Travel etiquette

This item appears on page 18 of the December 2021 issue.

ITN Contributing Editor Randy Keck asked to hear from readers on the topic of travel etiquette. ITN then took up the call, asking subscribers to each share a cultural insight or a lesson in etiquette that they were surprised to discover about a particular location, either during their pre-trip research or when they were there. Following are responses received.

The story is place-specific, the lesson much broader.

I was preparing to spend three months in Palestine in 2013 — a mostly Muslim, albeit not strict, land — and was chatting with a friend who had recently returned from there about what clothes to take.

She advised me to leave all my short-sleeved tops at home and to take blouses that covered my elbows. I knew the dress code would be “conservative” (no shorts or short skirts, etc.) but had not heard “cover your elbows” before then.

The lesson is to research what the locals wear and try to follow suit before traveling to an area. It not only shows respect for the people, it may help you blend in with the locals and be less of an “ugly” American!

Dee Poujade
Portland, OR



In September-November 2016, four of us were on an Asia trip that included India, Myanmar, Thailand, China and the United Arab Emirates. For the whole trip, my husband had been wearing a bright-green Kermit the Frog baseball cap so I wouldn’t lose him in crowds.

We were several days into our month in China when we began to notice people glancing at him, but we assumed it was because of the novelty of the bright-green hat and the fact that we were Westerners.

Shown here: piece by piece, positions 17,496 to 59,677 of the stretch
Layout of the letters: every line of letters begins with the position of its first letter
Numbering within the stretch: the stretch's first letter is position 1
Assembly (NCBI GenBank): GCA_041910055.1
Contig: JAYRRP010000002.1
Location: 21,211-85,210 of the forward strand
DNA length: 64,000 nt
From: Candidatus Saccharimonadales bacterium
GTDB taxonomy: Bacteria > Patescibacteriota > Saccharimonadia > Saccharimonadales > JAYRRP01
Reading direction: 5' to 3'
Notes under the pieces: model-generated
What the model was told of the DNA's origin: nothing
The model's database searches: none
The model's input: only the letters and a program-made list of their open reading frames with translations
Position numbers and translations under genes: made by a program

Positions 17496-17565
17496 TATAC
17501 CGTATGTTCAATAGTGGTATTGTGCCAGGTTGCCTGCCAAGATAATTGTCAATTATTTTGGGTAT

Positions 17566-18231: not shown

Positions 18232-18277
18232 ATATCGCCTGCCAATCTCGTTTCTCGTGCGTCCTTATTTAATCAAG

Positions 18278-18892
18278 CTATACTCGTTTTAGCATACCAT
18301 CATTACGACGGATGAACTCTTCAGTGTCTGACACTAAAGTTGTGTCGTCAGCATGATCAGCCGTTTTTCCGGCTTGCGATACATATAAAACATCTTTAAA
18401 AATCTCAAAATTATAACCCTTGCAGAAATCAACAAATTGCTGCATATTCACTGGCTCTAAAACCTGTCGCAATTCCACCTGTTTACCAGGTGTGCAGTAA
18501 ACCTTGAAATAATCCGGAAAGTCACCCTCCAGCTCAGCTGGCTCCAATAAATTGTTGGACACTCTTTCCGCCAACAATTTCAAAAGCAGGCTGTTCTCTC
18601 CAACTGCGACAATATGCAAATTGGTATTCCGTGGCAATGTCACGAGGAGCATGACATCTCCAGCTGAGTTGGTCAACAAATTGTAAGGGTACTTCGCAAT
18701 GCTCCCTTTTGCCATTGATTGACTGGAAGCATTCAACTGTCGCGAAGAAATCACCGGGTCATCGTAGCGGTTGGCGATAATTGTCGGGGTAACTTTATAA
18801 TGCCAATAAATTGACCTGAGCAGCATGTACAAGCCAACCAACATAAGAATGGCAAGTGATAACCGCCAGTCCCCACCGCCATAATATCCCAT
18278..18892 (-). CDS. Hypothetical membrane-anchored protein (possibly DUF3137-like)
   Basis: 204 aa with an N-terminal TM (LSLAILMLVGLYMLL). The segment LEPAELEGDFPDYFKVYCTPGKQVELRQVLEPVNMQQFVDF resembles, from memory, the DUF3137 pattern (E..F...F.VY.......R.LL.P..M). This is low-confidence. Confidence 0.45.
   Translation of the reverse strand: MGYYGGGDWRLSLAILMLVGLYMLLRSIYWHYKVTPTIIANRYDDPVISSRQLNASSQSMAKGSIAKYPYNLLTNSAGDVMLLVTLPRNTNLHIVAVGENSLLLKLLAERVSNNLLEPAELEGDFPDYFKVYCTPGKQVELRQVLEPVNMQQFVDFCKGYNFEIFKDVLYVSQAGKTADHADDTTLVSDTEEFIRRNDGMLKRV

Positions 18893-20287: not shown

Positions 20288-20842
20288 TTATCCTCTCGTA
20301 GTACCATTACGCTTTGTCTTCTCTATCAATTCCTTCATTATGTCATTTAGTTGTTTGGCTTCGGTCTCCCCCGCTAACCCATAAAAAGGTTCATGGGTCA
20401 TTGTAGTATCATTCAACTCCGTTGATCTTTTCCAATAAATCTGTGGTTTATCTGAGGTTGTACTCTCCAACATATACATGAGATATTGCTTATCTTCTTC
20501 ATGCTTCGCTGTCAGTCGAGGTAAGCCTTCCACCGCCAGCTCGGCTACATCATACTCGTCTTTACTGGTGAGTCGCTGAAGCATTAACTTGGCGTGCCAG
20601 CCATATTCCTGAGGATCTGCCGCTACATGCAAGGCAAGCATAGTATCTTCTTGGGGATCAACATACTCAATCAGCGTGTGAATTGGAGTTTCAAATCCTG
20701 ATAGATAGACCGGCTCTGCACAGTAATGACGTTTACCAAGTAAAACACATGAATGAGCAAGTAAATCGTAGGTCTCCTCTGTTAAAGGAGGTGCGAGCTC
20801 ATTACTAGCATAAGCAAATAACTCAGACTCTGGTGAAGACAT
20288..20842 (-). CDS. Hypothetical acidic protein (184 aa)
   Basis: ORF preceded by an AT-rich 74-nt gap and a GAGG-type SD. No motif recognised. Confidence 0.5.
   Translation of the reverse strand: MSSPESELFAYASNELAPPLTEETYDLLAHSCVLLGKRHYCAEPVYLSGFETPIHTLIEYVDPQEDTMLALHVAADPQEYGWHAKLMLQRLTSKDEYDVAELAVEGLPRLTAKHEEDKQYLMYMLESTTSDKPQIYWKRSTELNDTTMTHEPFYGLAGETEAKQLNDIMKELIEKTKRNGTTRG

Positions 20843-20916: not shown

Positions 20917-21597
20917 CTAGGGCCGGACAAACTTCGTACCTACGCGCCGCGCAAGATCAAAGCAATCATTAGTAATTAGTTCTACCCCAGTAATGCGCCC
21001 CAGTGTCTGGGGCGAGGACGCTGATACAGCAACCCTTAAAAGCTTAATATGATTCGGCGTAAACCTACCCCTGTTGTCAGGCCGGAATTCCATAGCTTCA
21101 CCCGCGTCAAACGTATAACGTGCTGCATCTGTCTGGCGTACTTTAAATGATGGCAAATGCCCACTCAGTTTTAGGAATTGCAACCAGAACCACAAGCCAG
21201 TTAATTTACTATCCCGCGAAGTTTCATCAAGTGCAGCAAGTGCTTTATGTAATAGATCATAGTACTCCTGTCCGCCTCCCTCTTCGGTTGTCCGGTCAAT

We had just finished visiting the Terracotta Warriors site in Xi’an when our female tour guide, who was on her second day with us, asked to speak with me. She then explained the cultural significance of my husband’s hat, saying that, in China, a man wears a green hat when his wife or girlfriend has cheated on him!

Of course, the hat was removed and stored for the rest of the trip. Why no other guide had said something prior to this, and why this guide waited so long, we’ll never know. Maybe they assumed it was true!

Glenda Garrison
Burke, VA



Thanks to many years of subscribing to ITN, my husband, Steve, and I have been lured to far-flung countries. Surely, we’ve committed some cultural faux pas en route. The most memorable ones took place in 2008 in Tuva, a republic in southern Siberia, Russia, just north of the Mongolian border, famous for throat singers.

Walking into and out of many yurts, we had to learn to never step on the threshold and never to turn our backs toward the family’s shrine inside. We learned quickly, after gentle reminders.

Another faux pas took place as we camped in the forest with some fellow travelers, a shaman and a teacher of throat singing. It was an amazing, wonderful experience except for the food.

After three consecutive breakfasts of leftover lukewarm lamb-and-chopped-entrails soup, my delight at being offered a hard-boiled egg was over the top. Asking if there might be some salt in the camp, a plastic bag was pointed out to me on the ground at my feet, under the camp table. The plain, sturdy, transparent bag contained about a pound of salt.

Carefully opening the rope-tied bag, I took out a tiny amount of salt and tied the bag closed. I then sprinkled the salt on my treasured egg, but when I brushed the few excess grains off on the ground, I was quickly and rather loudly reprimanded!*

Sylvia DeForest
Seattle, WA

*In many Central Asian countries and Slavic cultures, salt is a precious commodity.


In the summer of 2014, my husband and I visited St. Nicholas Church in Batumi, Georgia, as part of our Black Sea cruise. The women in our group had been told that pants were not acceptable in the church, so I was wearing a very modest outfit with a floor-length skirt.